Blog Directory - Blogged foodliterate: Sweet Is as Sweet Does

Sunday, November 16, 2008

Sweet Is as Sweet Does

Sugar, that ubiquitous sweet substance we all love, is comprised of fructose & glucose (50%/50%) as you learned here. HFCS (high fructose corn syrup) is also comprised of fructose & glucose in a very similar ratio (55%/45% or 42%/58%). So why is HFCS vilified, sugar not and honey, agave syrup and evaporated cane juice all but ignored?

Both fructose and glucose have the chemical formula of C6H12O6, but have different configurations (where the atoms are located) and so have different sweetness levels and are metabolized differently. Fructose is absorbed through the wall of the small intestine directly into the bloodstream and taken up into the liver cells where it is converted into components indistinguishable from glucose and sometimes into glucose. A downside of each: glucose needs insulin to get into your cells, fructose doesn't, so it has a high glycemic response while fructose is more likely to elevate your triglyceride levels.

In sugar the monosaccharides fructose & glucose are linked, unlike in HFCS where they are not. Enzymes in your digestive system break down the links into the individual monosaccharides fructose and glucose which are processed identically to monosaccharides consumed separately. Since all of these products will end up as monosaccharides, it is impossible to say one is inherently better or worse for you.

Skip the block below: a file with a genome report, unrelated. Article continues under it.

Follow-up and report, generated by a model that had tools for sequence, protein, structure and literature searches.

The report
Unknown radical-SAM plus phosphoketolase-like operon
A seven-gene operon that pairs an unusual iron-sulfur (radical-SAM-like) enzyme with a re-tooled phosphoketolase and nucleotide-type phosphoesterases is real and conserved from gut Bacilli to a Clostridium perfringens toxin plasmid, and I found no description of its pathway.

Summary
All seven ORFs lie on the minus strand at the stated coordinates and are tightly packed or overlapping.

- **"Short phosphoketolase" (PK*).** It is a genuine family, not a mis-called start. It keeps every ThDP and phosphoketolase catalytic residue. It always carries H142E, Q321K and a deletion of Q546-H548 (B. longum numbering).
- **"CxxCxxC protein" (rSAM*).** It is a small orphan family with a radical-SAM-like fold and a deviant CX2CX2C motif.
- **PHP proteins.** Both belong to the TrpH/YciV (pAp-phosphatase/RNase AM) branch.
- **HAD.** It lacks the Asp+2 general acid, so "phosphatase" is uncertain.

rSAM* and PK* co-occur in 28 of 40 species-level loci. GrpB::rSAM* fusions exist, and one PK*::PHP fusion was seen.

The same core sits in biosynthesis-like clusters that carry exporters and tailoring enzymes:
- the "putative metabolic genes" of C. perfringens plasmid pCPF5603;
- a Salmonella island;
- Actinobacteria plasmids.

In addition, the University of Washington Nutritional Science Program performed a study which showed that there was no direct link between the type of sweetener consumed and obesity. While the American Journal of Clinical Nutrition study results showed that cane sugar and HFCS have similar effects on hunger, fullness and food consumption.

Whether you consume sugar (50% fructose), HFCS (42 or 55% fructose), honey (53% fructose), agave nectar (56 -92% fructose) or evaporated cane juice (45% fructose), your body is going to treat them all the same. That is not to say that there is not a difference between eating a piece of fruit (a pear for instance) or a candy bar. While your body may not distinguish one fructose molecule from another, the pear has water (a diluent), fiber, vitamins and minerals which the candy bar most certainly does not.

So, enjoy your sweets in moderation and don't get caught up in all the hype; we could all do better at consuming less sugar in any of its forms!
UPDATE! American Journal of Clinical Nutrition Supplements:

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